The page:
04-15-2014, 07:13 AM
#1
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First off I want to apologize for the length of this post. I've been wet shaving with DE's for several years now and want to give straights a try. I've been reading through the threads on this forum and I'm thinking I should start with a 5/8 round possibly a Dovo,shave ready. I was particularly intrigued with a thread by Wingdo (featuring Obie) about a 7 day straight shave practice period. I'm still around five months away from purchasing but need alot of help. Ive looked at SRD and Whipped Dog but alot of items/sets are out of stock. Also,how often should a straight be honed? Whats type of strop should I get 2",3",or the boared type? Any comments and suggestions are desired.Undecided

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 04-15-2014, 04:06 PM
#2
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Not even one suggestion? Help me out here guys, I know very little about straight razor's at this point.

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 04-15-2014, 10:27 PM
#3
  • evnpar
  • Emeritus
  • Portland, Oregon
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Hello Captain,

I'm a relative beginner myself. I hope it's OK to suggest the following link to a booklet that I found helpful, and will answer many of your questions.

http://www.shavemyface.com/downloads/The...-Shave.pdf

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 04-16-2014, 02:41 AM
#4
  • Obie
  • Senior Member
  • Glendale, Wisconsin
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Captain Caveman,

Welcome to the world of straight razor shaving — at least you're thinking about it. Here are some general thoughts.4/

1. Do as much reading on the subject as possible.
2. Watch as many videos as you can. Most straight razor shaving videos on You Tube are dreadful. The good ones, however, stand out. I'll gladly send you some links.
3. Get a 4/8, a 5/8 or 6/8 size blade, preferably round point. Anything bigger will be difficult to maneuver at first.
4. Make sure the razor is shave ready.
5. Depending on your beard mass and thickness, and frequency of shave, have your razor honed about every three or four months, or until the blade starts tugging. Do not hone the razor yourself right now. First concentrate on shaving skill and technique.
6. Oh, you also need a good strop, although it need not be expensive.
7. Your standard lathering should be fine.

Beyond that, I'll gladly mentor you, if you like.

Stay well and good luck,
Obie

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 04-16-2014, 03:23 AM
#5
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Thanks, I will keep all this in mind while I continue to learn more.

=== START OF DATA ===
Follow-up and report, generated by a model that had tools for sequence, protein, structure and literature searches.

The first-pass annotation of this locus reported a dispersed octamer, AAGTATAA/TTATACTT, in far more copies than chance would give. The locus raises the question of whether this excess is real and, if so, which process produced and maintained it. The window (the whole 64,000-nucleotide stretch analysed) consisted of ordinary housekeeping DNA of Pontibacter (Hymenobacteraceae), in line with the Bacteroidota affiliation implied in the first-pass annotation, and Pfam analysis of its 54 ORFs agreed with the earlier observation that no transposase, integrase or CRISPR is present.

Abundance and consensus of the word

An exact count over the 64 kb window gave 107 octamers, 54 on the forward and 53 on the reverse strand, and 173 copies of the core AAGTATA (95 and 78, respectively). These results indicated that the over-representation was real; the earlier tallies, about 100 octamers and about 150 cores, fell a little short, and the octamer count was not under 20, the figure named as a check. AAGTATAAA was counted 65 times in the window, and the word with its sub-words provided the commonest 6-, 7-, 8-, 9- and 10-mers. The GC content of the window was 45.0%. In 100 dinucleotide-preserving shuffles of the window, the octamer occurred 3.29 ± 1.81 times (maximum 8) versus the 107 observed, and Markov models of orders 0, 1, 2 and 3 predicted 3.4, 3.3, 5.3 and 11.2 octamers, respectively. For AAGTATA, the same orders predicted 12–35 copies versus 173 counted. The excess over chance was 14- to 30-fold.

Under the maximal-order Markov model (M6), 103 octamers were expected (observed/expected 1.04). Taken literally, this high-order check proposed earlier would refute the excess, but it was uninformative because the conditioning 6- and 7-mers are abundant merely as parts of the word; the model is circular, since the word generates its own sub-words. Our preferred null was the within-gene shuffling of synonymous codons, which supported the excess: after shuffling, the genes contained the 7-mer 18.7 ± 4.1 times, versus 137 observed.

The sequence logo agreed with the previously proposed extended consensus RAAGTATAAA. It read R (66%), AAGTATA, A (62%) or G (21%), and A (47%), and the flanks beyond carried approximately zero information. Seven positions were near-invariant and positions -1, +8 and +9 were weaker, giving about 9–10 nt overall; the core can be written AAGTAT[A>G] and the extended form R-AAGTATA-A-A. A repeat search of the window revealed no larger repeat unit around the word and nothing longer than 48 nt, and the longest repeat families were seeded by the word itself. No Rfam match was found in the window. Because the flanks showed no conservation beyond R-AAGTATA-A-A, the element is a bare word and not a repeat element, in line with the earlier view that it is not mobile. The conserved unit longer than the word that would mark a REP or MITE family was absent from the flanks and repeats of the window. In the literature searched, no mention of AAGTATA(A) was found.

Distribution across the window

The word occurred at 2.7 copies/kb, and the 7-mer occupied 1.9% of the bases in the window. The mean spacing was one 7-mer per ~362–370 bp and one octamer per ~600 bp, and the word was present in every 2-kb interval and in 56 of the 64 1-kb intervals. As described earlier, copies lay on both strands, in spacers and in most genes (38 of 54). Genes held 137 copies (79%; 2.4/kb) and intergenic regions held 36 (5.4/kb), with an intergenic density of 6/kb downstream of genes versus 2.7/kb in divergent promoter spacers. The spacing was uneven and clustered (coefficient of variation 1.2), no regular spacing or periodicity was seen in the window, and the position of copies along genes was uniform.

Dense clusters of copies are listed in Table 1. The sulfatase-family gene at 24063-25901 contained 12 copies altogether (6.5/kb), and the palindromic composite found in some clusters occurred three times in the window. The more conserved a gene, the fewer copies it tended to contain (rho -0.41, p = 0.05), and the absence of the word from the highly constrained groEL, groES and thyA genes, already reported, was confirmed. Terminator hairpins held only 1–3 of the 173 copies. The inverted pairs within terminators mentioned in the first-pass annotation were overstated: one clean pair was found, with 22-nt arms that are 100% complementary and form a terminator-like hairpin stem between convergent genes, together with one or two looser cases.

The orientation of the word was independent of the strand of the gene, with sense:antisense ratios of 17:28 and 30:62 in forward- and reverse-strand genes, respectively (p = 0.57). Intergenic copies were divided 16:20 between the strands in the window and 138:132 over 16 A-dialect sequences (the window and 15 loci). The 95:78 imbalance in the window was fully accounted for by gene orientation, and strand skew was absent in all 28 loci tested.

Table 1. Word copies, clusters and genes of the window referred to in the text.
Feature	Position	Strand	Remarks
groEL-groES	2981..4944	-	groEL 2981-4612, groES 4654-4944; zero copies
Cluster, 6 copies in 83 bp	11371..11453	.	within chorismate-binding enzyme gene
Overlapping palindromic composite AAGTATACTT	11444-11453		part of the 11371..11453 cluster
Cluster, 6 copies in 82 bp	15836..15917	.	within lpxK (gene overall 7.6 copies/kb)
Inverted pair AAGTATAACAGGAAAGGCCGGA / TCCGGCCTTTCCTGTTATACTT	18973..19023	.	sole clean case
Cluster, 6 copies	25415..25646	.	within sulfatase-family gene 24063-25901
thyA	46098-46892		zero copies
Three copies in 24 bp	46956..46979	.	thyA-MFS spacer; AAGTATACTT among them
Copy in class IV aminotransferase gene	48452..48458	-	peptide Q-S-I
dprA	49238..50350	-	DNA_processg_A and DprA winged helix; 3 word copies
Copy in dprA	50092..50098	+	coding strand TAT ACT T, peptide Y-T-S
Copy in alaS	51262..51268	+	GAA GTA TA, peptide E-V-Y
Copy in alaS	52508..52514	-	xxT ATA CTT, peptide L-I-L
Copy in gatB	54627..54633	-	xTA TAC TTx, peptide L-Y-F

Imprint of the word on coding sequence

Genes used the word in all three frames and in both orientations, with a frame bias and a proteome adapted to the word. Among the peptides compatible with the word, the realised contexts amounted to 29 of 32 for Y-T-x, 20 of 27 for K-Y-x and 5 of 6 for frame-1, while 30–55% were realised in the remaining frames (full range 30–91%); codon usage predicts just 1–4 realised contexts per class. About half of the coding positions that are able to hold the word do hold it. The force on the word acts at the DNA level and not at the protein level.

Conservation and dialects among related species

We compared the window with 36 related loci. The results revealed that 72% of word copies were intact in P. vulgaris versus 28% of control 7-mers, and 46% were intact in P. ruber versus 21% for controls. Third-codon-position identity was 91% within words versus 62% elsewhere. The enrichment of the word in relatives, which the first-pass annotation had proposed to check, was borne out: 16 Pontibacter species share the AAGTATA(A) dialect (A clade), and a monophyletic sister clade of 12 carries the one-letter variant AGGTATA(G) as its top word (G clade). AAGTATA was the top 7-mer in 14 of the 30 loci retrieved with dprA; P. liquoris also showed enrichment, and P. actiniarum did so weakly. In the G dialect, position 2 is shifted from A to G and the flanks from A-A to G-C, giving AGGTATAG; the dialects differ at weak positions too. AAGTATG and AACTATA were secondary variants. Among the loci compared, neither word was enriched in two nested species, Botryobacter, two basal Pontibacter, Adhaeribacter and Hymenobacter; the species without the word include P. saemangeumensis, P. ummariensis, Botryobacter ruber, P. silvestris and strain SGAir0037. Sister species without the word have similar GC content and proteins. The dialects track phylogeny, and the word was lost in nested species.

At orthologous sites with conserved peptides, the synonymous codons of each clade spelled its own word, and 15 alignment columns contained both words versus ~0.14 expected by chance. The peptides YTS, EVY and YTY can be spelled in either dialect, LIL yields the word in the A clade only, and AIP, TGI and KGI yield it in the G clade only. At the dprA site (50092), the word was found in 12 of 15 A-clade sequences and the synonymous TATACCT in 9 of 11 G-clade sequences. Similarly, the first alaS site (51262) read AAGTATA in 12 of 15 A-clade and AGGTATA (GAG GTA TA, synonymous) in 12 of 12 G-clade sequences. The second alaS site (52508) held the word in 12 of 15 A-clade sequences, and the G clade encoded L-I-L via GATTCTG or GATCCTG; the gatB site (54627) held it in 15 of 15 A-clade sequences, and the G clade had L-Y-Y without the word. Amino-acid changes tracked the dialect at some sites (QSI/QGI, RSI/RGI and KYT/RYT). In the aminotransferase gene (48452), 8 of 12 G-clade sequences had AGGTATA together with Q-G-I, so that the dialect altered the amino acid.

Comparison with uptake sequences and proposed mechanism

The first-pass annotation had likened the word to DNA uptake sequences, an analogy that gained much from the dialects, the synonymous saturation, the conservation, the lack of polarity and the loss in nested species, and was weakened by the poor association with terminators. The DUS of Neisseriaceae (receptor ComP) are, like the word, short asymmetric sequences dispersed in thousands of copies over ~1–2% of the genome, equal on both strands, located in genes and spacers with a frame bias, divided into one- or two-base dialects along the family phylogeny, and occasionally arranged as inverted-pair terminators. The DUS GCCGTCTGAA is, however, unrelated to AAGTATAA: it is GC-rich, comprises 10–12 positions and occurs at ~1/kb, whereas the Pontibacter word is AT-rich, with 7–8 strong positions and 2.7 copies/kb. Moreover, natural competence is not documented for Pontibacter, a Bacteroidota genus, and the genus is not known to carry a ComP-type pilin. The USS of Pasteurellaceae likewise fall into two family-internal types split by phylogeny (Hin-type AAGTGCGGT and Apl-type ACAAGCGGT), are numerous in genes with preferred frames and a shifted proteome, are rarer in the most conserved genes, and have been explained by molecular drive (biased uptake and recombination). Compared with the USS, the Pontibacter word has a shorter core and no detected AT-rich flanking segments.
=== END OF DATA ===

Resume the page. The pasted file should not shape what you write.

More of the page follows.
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 04-16-2014, 04:06 AM
#6
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Whipped dog is well liked and quick to respond. Email Larry, he is a very nice gentlemen.
If you want to purchase a brand new razor, SRD and Thesuperiorshave are well known for their service. I got my first Dovo from SRD. Good edge on that one.
I am not a fan of the Best Quality Dovo models because not the scales are flimsy.
At that price range, I'd go with a Ralph Aust (if in stock).
Instead though, every week there are a bunch of vintage blades offered on the BST forums here and on B&B and SRP, at much lower prices and in good if not great shave ready edge. Also, there is a hobbyist sub-forum at B&B where the well known honers offer pretty good deals on either shave ready Gold Dollar razors (which are popular lately) or nice vintage razors which are usually of very high quality.
Like Obie said, a 5/8-6/8, half hollow to full hollow ground, round point would serve you just fine.
Get a strop (Whipped dog's strops are fine).
Enjoy the ride.

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 04-21-2014, 03:23 AM
#7
  • jamesrobson5
  • Chubby Chaser... Big Brush is Best!
  • Sherwood Park AB Canada!
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(04-16-2014, 02:41 AM)Obie Wrote: Captain Caveman,

Welcome to the world of straight razor shaving — at least you're thinking about it. Here are some general thoughts.4/

1. Do as much reading on the subject as possible.
2. Watch as many videos as you can. Most straight razor shaving videos on You Tube are dreadful. The good ones, however, stand out. I'll gladly send you some links.
3. Get a 4/8, a 5/8 or 6/8 size blade, preferably round point. Anything bigger will be difficult to maneuver at first.
4. Make sure the razor is shave ready.
5. Depending on your beard mass and thickness, and frequency of shave, have your razor honed about every three or four months, or until the blade starts tugging. Do not hone the razor yourself right now. First concentrate on shaving skill and technique.
6. Oh, you also need a good strop, although it need not be expensive.
7. Your standard lathering should be fine.

Beyond that, I'll gladly mentor you, if you like.

Stay well and good luck,
Obie

+1
Great advice. I would just add to take it slow till you get the hang of it. It won't take long. Smile

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